While the statue of Davis, the most important Confederate enshrined in bronze, is certainly at the center of the debate, other statues of Confederates line the mall.

A statue of John H. Reagan, leaning on a cane, hat in hand, stands near Mezes Hall. Reagan, the namesake of Austin’s Reagan High School and the Reagan State Office Building on the Capitol grounds, was the postmaster general of the Confederacy. After the war, he urged his fellow Texans to cooperate with the federal government, renounce secession, and allow freed slaves to vote.

Albert Sidney Johnston stands by Calhoun and Parlin Halls. Johnston, the former namesake of what is now Eastside Memorial High in Austin, fought in the Texas Revolution and the Mexican-American War before serving in the Confederate Army. He was killed in the Battle of Shiloh, likely by friendly fire. He was the highest-ranking officer killed in action on either side of the war.

Johnston was succeeded as the darling of the Confederacy by Virginian Robert E. Lee, who is also represented in bronze.

Why is there a statue of Jefferson Davis on campus anyway?

The short answer is that George Washington Littlefield—prominent rancher, banker, donor, Confederate soldier, and UT regent—wanted one, and he donated the money to make it happen.

But the short answer isn’t as interesting as the longer version. It involves Littlefield and a rival regent, also named George Washington. In 1910, George Washington Brackenridge donated 500 acres along the Colorado River, now called the Brackenridge Tract. Many supported moving the university from its current location to the roomier tract, but Littlefield, whose Victorian home sat across the street from campus (now firmly in the middle of campus), opposed it.

Littlefield was committed to Texas and the South. Brackenridge, a northerner, was more committed to education. Robert Vinson was UT’s president from 1916-22, and summed up the animosity between the two succinctly: “When Mr. Brackenridge spoke of the University of Texas, he emphasized the word University. Major Littlefield emphasized the word Texas.”

With the end of World War I, enrollment was climbing, and Littlefield sought to keep the campus from moving by donating a massive gateway to campus. His idea eventually became the Littlefield Fountain and South Mall we know today. But Pompeo Coppini, the Italian-American sculptor hired for the project, warned against Littlefield’s initial plan to create a memorial to the Confederacy.

“As time goes by, they will look to the Civil War as a blot on the pages of American history,” Coppini argued, “and the Littlefield Memorial will be resented as keeping up the hatred between the Northern and Southern states.”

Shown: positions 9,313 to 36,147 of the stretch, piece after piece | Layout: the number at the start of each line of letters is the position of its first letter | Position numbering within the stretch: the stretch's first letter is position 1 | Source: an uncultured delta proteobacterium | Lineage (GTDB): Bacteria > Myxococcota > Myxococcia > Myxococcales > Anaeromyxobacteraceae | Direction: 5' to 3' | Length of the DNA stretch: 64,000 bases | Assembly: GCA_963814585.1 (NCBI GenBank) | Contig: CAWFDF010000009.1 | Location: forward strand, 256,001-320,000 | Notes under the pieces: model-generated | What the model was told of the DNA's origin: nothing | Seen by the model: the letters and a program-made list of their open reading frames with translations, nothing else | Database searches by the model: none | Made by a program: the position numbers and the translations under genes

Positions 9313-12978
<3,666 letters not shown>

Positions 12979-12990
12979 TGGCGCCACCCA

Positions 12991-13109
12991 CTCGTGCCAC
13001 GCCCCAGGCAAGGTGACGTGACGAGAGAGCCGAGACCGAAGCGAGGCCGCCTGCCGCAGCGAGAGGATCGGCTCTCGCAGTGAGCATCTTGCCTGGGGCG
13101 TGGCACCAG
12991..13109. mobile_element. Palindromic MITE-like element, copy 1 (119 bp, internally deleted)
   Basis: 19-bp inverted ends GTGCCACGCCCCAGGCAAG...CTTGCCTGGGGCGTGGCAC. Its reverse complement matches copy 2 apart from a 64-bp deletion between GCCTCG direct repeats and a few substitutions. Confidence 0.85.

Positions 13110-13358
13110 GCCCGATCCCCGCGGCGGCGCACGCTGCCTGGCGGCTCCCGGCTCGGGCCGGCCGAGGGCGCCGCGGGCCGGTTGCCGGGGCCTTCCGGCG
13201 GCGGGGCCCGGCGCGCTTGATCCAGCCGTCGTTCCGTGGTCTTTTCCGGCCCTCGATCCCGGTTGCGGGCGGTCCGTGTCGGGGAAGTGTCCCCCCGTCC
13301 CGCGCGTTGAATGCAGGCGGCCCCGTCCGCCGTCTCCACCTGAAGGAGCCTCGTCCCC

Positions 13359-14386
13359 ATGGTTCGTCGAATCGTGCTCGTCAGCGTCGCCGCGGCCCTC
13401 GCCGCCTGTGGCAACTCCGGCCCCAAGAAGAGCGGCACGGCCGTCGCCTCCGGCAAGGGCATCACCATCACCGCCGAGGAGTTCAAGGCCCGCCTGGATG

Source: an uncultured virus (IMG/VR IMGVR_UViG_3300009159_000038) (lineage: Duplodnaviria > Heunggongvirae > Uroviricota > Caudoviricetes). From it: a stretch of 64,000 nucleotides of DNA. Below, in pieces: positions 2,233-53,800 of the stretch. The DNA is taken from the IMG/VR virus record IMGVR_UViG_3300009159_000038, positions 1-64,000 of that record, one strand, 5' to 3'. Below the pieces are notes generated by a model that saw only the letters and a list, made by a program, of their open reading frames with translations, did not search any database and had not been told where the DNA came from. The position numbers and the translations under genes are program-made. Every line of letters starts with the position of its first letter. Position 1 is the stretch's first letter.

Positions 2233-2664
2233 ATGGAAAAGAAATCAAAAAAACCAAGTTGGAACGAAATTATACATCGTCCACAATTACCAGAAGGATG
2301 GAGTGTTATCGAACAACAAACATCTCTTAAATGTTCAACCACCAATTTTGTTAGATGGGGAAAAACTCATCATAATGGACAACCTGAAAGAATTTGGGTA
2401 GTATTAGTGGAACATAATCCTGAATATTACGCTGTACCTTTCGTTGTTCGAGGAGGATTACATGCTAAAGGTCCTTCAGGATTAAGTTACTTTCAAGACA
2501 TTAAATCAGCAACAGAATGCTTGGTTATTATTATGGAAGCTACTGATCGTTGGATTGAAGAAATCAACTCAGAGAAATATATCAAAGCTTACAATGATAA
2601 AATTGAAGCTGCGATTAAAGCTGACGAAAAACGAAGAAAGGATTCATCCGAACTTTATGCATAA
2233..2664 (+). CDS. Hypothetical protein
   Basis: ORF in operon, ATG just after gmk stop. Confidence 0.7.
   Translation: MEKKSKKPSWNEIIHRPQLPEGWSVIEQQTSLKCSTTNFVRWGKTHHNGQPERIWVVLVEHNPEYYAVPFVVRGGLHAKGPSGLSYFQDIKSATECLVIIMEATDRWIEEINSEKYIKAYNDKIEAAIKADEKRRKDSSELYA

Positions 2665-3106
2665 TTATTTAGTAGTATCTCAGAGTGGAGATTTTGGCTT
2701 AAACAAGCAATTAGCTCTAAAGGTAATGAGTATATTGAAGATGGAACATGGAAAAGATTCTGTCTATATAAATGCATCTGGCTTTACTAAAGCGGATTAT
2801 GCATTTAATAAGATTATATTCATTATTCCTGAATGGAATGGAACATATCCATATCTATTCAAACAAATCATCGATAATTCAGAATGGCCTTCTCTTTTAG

Coppini’s vision was of a memorial to those who fought in the World War, and two obelisks bracketing the main plaza would represent the North and the South, one with Davis in front, one with the more recent wartime president, Woodrow Wilson, showing the unity of North and South.

In 1920, just after regents agreed to Coppini’s plan, Littlefield died—but not without ensuring that Brackenridge wouldn’t push to move the university after Littlefield was gone. He included $250,000 for the memorial, plus another $800,000 for other projects, in his will, contingent on the university staying put for eight years.

Still, many supported moving the campus to the riverfront. But when the bill moved in the legislature, lawmakers added a provision that any locality with the space and the money to do so could vie for the campus, and that a statewide vote would determine the winner. The move’s original supporters turned against the new plan, and the bill was defeated. Littlefield got his wish.

It took 10 years for the bronze work to be completed, and by then, Paul Cret had been brought on to create the master plan that now defines the heart of campus, including the Main Building and the “six pack” along the South Mall. Coppini’s obelisks were cut from the plan to save money, and Cret moved the statues meant to surround the memorial up onto the Mall to give them more space. Coppini was very unhappy with the result, and the rest, as they say, is history.

UT employees remove graffiti from the Jefferson Davis statue last week. Photo by Matthew Watkins via Twitter.